- In Numbers 20:9-13, God told Moses to take his staff, along with Aaron, and gather the assembly of Israelites at the Desert of Zin. The Israelites had been grumbling about the lack of water. God did not tell Moses to use the staff this time. Moses was told to speak to the rock and it will pour out water. Moses was angry with the rebellious people, so he took the staff and struck the rock twice. Water gushed out but Moses had disobeyed God. His disobedience prevented him from entering the Promised Land.
Another biblical example was David, the “man after God’s own heart.” David understood that God used familiar things to accomplish the spectacular. When David fought Goliath, Saul tried to dress David in his armor, but David said, “I cannot go in these,” he said to Saul, “because I am not used to them.” So, he took them off. (1 Samuel 17:39) David chose to use the things in which he was familiar, “the thing in his hands.” He used his staff, his sling and some rocks to kill Goliath. According to 1 Samuel 17:50-53,
Then he took his staff in his hand, chose five smooth stones from the stream, put them in the pouch of his shepherd’s bag and, with his sling in his hands, approached the Philistine. . . As the Philistine moved closer to attack him, David ran quickly toward the battle line to meet him. Reaching into his bag and taking out a stone, he slung it and struck the Philistine on the forehead. The stone sank into his forehead, and he fell facedown on the ground. So David triumphed over the Philistine with a sling and a stone; without a sword in his hand he struck down the Philistine and killed him. (NIV, 1 Samuel 17:40, 48-50) God delivered the Philistines into the hands of the Israelites that day with the death of their hero, Goliath.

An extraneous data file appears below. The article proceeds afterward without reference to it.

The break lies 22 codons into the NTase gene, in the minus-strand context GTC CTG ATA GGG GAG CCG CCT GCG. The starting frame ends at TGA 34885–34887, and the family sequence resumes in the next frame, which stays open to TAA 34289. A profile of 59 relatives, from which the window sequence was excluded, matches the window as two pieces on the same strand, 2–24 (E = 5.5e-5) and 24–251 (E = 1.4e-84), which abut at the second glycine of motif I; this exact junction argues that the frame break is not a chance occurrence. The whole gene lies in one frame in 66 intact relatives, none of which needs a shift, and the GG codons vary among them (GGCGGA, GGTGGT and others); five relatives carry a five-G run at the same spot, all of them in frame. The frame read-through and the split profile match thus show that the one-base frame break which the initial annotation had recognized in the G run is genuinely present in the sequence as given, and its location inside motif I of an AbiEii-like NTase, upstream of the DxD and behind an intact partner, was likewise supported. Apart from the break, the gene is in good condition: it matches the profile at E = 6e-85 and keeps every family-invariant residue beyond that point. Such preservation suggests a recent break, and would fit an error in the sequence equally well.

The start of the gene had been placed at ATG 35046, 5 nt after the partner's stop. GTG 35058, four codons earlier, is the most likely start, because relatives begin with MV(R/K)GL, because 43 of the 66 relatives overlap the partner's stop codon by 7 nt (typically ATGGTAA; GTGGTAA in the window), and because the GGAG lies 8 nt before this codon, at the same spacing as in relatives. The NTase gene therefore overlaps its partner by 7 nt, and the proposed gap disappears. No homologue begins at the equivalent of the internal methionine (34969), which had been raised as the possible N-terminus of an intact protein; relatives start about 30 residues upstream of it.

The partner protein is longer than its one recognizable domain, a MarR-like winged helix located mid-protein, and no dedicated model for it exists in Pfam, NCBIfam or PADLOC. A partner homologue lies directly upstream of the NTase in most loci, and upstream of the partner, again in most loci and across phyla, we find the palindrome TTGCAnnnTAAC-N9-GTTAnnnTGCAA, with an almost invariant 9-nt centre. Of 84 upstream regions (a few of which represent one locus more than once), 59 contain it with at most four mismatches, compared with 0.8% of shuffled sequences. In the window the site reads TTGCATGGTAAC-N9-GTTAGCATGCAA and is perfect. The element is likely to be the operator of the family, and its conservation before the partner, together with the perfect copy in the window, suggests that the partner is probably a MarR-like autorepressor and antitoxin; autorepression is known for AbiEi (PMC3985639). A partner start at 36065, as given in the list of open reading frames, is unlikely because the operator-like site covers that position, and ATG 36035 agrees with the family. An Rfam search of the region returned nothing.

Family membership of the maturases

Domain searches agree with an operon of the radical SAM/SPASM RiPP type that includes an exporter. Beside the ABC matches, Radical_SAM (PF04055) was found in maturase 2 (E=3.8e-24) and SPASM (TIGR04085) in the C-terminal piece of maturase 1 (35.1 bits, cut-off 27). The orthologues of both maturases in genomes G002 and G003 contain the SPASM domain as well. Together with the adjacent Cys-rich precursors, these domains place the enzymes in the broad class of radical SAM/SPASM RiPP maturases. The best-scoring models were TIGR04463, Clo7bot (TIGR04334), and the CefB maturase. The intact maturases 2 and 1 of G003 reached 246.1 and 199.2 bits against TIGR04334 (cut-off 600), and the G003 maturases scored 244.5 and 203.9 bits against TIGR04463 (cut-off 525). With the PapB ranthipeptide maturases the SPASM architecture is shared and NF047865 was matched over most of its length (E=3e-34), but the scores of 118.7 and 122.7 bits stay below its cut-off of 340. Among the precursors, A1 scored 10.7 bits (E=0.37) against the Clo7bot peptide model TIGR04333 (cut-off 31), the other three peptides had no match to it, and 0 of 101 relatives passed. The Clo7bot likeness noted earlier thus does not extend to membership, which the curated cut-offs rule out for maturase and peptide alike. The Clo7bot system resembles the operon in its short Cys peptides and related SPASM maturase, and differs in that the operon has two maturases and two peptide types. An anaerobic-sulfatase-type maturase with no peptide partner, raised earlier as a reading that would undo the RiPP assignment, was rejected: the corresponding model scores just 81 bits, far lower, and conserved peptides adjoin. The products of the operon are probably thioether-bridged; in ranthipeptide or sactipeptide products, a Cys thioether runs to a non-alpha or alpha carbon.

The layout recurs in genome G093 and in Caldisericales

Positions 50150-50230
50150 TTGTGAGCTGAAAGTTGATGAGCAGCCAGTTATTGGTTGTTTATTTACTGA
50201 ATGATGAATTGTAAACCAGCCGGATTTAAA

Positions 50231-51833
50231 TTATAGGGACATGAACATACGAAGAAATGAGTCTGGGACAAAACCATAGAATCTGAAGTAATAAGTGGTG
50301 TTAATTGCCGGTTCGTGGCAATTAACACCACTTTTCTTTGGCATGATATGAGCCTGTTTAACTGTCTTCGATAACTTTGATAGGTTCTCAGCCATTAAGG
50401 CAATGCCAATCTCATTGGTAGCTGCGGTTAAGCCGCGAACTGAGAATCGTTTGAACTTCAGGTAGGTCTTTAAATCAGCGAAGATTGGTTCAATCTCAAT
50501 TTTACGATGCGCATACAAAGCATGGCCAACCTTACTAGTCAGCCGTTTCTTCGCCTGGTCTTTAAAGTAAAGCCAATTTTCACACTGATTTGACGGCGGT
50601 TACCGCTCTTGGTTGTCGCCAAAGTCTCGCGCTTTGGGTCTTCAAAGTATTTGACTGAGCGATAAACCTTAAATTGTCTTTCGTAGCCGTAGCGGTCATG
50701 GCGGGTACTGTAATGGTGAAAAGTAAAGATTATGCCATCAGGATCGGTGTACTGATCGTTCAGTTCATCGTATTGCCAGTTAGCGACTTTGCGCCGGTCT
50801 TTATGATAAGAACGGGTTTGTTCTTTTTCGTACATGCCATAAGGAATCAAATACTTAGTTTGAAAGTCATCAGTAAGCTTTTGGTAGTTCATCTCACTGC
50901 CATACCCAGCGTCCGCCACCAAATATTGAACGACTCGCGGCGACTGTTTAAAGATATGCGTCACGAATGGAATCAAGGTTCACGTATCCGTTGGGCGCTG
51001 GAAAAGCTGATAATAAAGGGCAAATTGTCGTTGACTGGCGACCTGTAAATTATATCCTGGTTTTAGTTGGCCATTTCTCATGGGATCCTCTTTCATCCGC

God desires that his people fulfill their destinies and he often uses the ordinary things to perform extraordinary feats. So, what’s that in your hands? Has God given you something or equipped you with gifts that you are not using or are not recognizing? Do you have some experiences that could be used by God? Perhaps you have the “hand of a ready writer” and never used it to write for the kingdom; perhaps you sing in the shower, but have never used your singing talent to glorify God. What has the Lord equipped you with that is right there in your hands? Pray and ask God if you have something that you are not using that will bring glory to him and fulfill your purpose here on the earth. Don’t let what you have go to waste.
Be blessed, my friends.
1 Corinthians 1:26-29 Brothers, think of what you were when you were called. Not many of you were wise by human standards; not many were influential, not many were of noble birth.  But God chose the foolish things of the world to shame the wise; God chose the weak things of the world to shame the strong.  He chose the lowly things of this world and the despised things—and the things that are not—to nullify the things that are,  so that no on may boast before him.